Stories behind the names

the faraway origins of some local plants’ English and scientific names

‘Twas the last day of July, and the big meadow at Eagle Beach State Rec Area was decorated with white flowers. Tall, flat-topped inflorescences of cow parsnip ringed the edge by the trees. Shorter and lacier inflorescences of hemlock-parsley came next and filled an area near the old dunes. On slightly lower, more central ground, the single flowers of northern grass-of-Parnassus spangled the field. And weedy little yarrow fit itself in wherever it could.

Photo by Bob Armstrong

This grass-of-Parnassus (Parnassia palustris), also known as bog star, has a wide geographic range across North America and Eurasia. Inside the saucer-shaped flower are five stamens bearing pollen, five staminodes (sterile stamens) that bear droplets on their branched tips, and a single ovary with a stigma where pollen is deposited. The droplets do not contain nectar but may help attract small flies and bees that do the pollination. Nectar is produced at the bases of the stamens and staminodes, according to a scholarly report (resolving the contradictions and confusions found on general internet sources). Insect visitations, moving pollen within a flower or bringing it from another one, are reported to be necessary for pollination and seed set. Seeds are spread by wind and water.

The taxonomy of Parnassia is confusing too. Our field guides place the genus in the family Saxifragaceae. However, several internet sources place it either in its own family or in the family Celastraceae (along with burning bush, Oriental bittersweet, and others).

I was interested to learn how this plant got its English name. It’s not a grass, so that is a misnomer. But what does Parnassus have to do with this plant?– the name appears in both the common and the scientific names.

Mount Parnassus is a fairly large mountain in Greece, not as big as Olympus and not as important in mythology. Nevertheless, in ancient Greek mythology, Parnassus was sacred to Dionysus, the god of grape harvest, wine, debauchery, and madness. The mountain was also a sacred haunt of Apollo, who was a multifaceted god of light, music, town-building, and prophesy—and a hero, a protector of flocks and crops, a lecher, a bisexual, and an archer. Parnassus was also visited by the Muses—goddesses of song, poetry, history, and dance, as well as other minor deities.

Then, about two thousand years ago, a Greek physician and botanist named Dioscorides wrote a huge set of books on medicine, useful plants, and related matters. He wrote in Greek; his books were translated into Latin and Arabic and, eventually, into other languages. They constituted the basis of the practice of western medicine for centuries. Supposedly, Dioscorides gave grass-of-Parnassus its name, having found it growing on the Mountain. I have no access to this doctor’s original opus, but it seems unlikely that he really confused this plant with the grasses; perhaps he merely said it was like a grass in some way. Then, somewhere along the line, some taxonomist just decided to apply the inappropriate name of grass when naming this species.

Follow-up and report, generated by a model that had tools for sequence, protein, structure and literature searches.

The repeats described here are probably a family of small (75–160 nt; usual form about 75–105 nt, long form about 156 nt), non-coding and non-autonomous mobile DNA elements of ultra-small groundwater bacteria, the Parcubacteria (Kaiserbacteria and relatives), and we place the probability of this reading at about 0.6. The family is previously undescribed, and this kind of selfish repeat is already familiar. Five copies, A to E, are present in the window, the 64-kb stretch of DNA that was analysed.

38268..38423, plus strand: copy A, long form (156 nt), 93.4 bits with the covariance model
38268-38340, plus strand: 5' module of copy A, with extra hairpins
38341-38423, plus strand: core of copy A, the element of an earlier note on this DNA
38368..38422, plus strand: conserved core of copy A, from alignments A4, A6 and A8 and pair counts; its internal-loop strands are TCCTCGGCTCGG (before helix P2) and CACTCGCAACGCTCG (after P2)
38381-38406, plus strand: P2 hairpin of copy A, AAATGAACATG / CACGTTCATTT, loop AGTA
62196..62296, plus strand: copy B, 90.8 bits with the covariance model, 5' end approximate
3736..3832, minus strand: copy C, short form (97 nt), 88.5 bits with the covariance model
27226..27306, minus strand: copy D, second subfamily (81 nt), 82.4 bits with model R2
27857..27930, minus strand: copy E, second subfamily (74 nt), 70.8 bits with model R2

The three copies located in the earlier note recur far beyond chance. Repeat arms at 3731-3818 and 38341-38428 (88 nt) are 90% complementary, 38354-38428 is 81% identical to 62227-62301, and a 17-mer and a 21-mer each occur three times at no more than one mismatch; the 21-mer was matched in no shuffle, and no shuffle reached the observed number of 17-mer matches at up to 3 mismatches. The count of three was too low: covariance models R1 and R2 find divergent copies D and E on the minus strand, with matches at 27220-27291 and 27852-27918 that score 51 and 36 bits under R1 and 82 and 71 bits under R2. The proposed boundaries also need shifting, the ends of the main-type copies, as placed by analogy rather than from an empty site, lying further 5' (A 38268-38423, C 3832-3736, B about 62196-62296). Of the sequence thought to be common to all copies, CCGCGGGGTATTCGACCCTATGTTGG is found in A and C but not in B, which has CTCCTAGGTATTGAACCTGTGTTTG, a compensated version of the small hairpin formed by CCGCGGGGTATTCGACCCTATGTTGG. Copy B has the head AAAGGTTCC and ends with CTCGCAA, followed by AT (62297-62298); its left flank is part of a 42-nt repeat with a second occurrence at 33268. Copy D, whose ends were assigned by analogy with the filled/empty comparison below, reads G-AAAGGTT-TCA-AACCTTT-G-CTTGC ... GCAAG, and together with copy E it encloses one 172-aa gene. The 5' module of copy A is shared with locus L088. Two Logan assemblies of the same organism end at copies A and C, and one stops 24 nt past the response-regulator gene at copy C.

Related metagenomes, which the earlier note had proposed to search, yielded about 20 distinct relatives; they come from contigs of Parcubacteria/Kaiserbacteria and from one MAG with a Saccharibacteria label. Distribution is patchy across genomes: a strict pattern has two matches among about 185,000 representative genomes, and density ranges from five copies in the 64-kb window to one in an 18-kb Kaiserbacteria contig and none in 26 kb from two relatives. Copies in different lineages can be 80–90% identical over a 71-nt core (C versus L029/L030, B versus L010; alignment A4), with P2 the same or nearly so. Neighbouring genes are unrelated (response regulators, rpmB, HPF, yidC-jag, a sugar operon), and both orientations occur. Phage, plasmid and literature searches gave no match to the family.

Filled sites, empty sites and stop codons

The generic names of two of the other white flowers in the meadow also hark back to Greek mythology. Heracleum lanatum (cow parsnip) refers to Heraclites (Hercules, in Latin)—known for his prodigious strength. As penance for his crime of murdering his wife and children in a fit of madness, he was given the fabled twelve Labors of Hercules (killing or capturing some monsters, cleaning the Augean stables that were full of manure, etc.). The very robust plants of cow parsnip might reflect his strength.

Achillea millefolium (yarrow) is related in name to Achilles—he of the vulnerable heel. Legends say that Achilles’ mother held her baby by a heel and dipped him in the river Styx to make him invulnerable, but the heel didn’t get wet, leaving it unprotected. After many adventures, including killing Hector in the Trojan war, Achilles was killed by an arrow in this heel. Yarrow indeed has good medicinal properties, but the tales telling that Achilles used this herb to heal wounds may be apocryphal.

Before I leave Greek mythology, here are two more quick examples; both are orchids with representatives in Southeast. The genus Cypripedium (moccasin flower or lady’s slipper) is named for the foot of Kypris (later known as Aphrodite in Greek, Venus in Latin; the ‘ped’ refers to foot in Latin). In variable forms, she was the goddess of love and lust, beauty, fertility, and marriage. Calypso bulbosa (fairy slipper) is a showy orchid. The ‘bulbosa’ part of the plant’s name refers to a bulbous corm at the base of the plant. In Homer’s epic poem, Calypso was a goddess-nymph who successfully seduced Ulysses (Odysseus in Greek) for seven years. Perhaps she was really bulbous when bearing two children by him!

And how do all these mythical creatures get into taxonomy at all? Well, one reason is that, historically, all young scholars, including future taxonomists, were well schooled in Greek and Latin classics, so the names and stories were very familiar to them.